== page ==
But it will be tricky to keep them engaged while addressing the other needs of the team.
Shin-Soo Choo wants to play in right field some instead of being a full-time designated hitter, and Banister is open to that. Nomar Mazara will play left field when Choo isn’t the DH.
Adrian Beltre never wants to take a day off defensively, and Banister is usually open to that.
First baseman Mike Napoli is going to play every day, Banister has said, but will get many starts at DH.
In all likelihood, Banister is going to let matchups and who has the hot bat dictate who plays in left field or other spots. DeShields, Profar and Rua are all hot, and DeShields and Rua do well against left-handed pitchers.
Profar can also play shortstop and second base.
The at-bats can pile up quickly, but Banister makes sure he finds a way to make them pile up quickly enough to keep that trio sharp.
5. The gang is all here, with all participants in the World Baseball Classic having returned to sunny Arizona. Among them is Jonathan Lucroy, who is about as bullish as can be about the future of the WBC.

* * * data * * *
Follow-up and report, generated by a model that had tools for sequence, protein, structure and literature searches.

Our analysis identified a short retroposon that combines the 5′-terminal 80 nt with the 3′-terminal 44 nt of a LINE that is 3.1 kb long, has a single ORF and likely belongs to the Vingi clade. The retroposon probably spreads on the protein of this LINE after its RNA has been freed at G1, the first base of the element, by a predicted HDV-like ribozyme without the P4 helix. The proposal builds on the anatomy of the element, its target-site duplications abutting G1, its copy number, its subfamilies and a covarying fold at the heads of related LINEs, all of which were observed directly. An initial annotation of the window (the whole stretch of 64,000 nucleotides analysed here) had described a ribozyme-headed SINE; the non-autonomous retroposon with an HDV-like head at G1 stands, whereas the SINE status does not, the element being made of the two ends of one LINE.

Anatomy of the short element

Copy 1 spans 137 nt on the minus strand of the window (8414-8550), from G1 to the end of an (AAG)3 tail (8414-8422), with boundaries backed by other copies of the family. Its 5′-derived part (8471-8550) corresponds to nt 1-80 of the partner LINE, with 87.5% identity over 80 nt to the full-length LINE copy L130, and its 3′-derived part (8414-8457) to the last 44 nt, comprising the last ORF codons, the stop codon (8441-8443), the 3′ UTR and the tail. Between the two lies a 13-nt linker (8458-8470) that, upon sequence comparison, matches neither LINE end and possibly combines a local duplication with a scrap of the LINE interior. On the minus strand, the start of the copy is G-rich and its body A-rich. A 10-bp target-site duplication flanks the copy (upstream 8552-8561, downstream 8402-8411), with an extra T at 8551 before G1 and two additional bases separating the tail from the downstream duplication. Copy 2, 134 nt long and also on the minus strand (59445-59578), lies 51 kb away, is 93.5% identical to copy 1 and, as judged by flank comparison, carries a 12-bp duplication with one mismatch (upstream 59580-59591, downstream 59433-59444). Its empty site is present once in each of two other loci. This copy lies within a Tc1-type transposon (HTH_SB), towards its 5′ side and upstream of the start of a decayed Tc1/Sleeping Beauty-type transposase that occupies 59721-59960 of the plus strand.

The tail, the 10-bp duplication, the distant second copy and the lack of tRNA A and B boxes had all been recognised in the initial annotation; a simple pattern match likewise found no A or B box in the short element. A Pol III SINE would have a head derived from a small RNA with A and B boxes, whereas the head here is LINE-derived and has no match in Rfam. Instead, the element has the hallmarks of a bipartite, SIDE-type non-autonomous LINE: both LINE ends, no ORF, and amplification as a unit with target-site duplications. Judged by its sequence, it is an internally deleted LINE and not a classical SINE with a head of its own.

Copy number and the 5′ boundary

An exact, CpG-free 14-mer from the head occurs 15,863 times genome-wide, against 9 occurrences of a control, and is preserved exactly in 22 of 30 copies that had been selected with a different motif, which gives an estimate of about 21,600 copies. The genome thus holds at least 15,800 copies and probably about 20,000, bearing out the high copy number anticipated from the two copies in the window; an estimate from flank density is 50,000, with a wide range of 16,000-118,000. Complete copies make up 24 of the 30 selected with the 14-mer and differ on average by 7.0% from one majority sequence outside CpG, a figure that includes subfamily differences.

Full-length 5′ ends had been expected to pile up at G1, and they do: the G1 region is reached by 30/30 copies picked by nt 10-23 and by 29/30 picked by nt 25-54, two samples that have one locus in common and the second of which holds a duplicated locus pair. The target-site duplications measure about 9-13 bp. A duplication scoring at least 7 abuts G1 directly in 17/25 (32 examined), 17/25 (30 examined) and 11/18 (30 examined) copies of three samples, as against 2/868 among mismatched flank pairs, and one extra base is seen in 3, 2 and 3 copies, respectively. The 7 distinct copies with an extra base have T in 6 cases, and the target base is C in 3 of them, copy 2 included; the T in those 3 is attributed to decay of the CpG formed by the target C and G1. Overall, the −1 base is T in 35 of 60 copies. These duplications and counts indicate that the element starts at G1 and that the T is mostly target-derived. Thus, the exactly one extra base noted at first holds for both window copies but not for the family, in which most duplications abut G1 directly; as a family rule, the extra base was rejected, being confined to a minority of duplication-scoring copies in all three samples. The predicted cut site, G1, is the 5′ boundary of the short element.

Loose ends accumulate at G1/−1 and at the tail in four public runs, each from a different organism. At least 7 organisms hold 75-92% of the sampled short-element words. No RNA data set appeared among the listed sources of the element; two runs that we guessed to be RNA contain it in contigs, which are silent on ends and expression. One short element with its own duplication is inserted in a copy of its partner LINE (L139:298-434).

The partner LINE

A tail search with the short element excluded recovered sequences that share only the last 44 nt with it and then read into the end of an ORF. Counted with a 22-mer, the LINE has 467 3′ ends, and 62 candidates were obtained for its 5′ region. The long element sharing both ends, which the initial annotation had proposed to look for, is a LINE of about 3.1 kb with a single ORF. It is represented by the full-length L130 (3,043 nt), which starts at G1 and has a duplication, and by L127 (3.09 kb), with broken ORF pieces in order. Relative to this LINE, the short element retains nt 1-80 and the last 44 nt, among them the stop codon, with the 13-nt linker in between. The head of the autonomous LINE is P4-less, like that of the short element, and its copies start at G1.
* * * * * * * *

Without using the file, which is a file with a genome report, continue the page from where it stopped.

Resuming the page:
He was a proponent of the tournament before going, as he was a member of Team USA for the second time. He would encourage any player to play just for the experience and what it means to play for your country, but he now believes all position players will listen to him for 2021.
Sadly, it takes the U.S. winning the event for the first time to generate interest in the stars of stars who didn’t play, namely Mike Trout and Bryce Harper. Lucroy said that he understands pitchers taking a pass next time around, but not position players.
The players Team USA did have were certainly noteworthy, many of them All-Stars and Gold Glove winners. The pitching staff wasn’t as loaded as the position players — with Clayton Kershaw, among others, bypassing the event — but Team USA won with pitching nonetheless.
So, if the cream of the crop will be playing in four years after the U.S. won without its best, Team USA should easily repeat, right? (A just reward for the 2017 team members should be an automatic invite to participate in future WBCs, kind of like winning the Masters. I’m looking at you, Sandy Lyle.)
But this is baseball. Nothing is guaranteed, except that anything can happen.